I met Bruce and Michael at their ceramics studio in Providence, which was also their home. Fresh out of grad school with no idea what I was doing with my life, I was still tagging along with artist friends who seemed to have a much better idea of what they were doing with their lives. Bruce and Michael threw a little party and my boyfriend at the time decided it would be a good idea for us to go. It was a lovely party with great food and interesting conversation and I felt like I belonged there. So much so that I asked if Bruce and Michael needed a studio assistant.
I was serious and they sort of laughed me off. I told them I liked vacuuming, that despite my masters degree in metalsmithing, I had a fair amount of experience with clay, and that I was willing to do the grunge work. Somehow, it worked, and they hired me. Working for them wasn’t really a job, it was more like getting paid to hang out with smart and talented friends all day who loved good food and decided on a whim to buy a plastic kiddie pool for the roof one hot afternoon so we could drink beers and swing our bare feet in cool water while watching the Amtraks to Boston whiz by.
Eventually I left them for a job that paid more, and then they left Providence for a studio that cost less and we got together every once in a while to make food and play board games and laugh until our guts ached. I got married and they read a passage at our wedding, a few lines from Walt Whitman’s Song of the Open Road. Then when they got married, once it was legal for two men to legally wed, they had friends read the same passage at their ceremony.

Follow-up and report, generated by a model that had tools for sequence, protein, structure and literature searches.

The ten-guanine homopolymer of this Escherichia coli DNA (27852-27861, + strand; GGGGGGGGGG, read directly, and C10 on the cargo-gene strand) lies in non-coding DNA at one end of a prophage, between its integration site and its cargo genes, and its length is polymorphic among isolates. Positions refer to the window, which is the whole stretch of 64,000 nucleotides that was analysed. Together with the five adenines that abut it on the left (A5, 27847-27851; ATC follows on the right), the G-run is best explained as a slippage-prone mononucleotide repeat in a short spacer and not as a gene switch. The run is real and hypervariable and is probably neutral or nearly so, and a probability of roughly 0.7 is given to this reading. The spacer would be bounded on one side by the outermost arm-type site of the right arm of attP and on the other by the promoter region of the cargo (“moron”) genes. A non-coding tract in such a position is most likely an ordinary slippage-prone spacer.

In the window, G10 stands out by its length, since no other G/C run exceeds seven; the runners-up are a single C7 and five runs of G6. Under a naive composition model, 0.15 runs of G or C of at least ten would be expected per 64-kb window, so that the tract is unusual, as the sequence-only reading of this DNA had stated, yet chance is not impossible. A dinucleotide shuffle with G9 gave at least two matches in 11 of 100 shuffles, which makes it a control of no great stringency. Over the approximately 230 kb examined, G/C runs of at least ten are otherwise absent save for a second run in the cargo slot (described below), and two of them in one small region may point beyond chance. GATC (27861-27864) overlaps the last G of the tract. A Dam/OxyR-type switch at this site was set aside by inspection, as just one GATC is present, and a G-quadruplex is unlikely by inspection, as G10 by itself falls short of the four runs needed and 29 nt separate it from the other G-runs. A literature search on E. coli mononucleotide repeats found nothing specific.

Bruce got sick not long after he turned 50. His doctor told him he had stage 4 prostate cancer, the kind of cancer you’re not supposed to die from when you’re in your fifties, the kind of cancer they rarely bother to treat because it moves so slowly. But it moved fast in Bruce’s body, the cancer cells replicated and tumors set up shop in his organs and along his spine. Always a man who loved a good meal, Bruce lost his appetite and his body began to shrink, his bones stuck out in all the wrong places, he was mostly confined to bed. He traded his clay for a brushes and pencils and learned to meditate to pass the painful hours.
In the little sitting room on the second floor of the house they lived in, perched over the store they sold their ceramic pots, Bruce was in a hospital bed, laying on his side. Our friends had brought over their new kitten much to his delight and it was using its needle sharp claws to bat at his feet. I sat next to him and asked him questions, about the bruises on his arms, about the new paintings and needlpoint he was working on, I wanted to know how he was feeling. He looked past me at Derek’s shoes and asked if they were comfortable. Derek said they were very comfortable and took them off and left them for Bruce to wear and Michael dug around in a closet for an old pair of shoes so Derek would have something to wear home.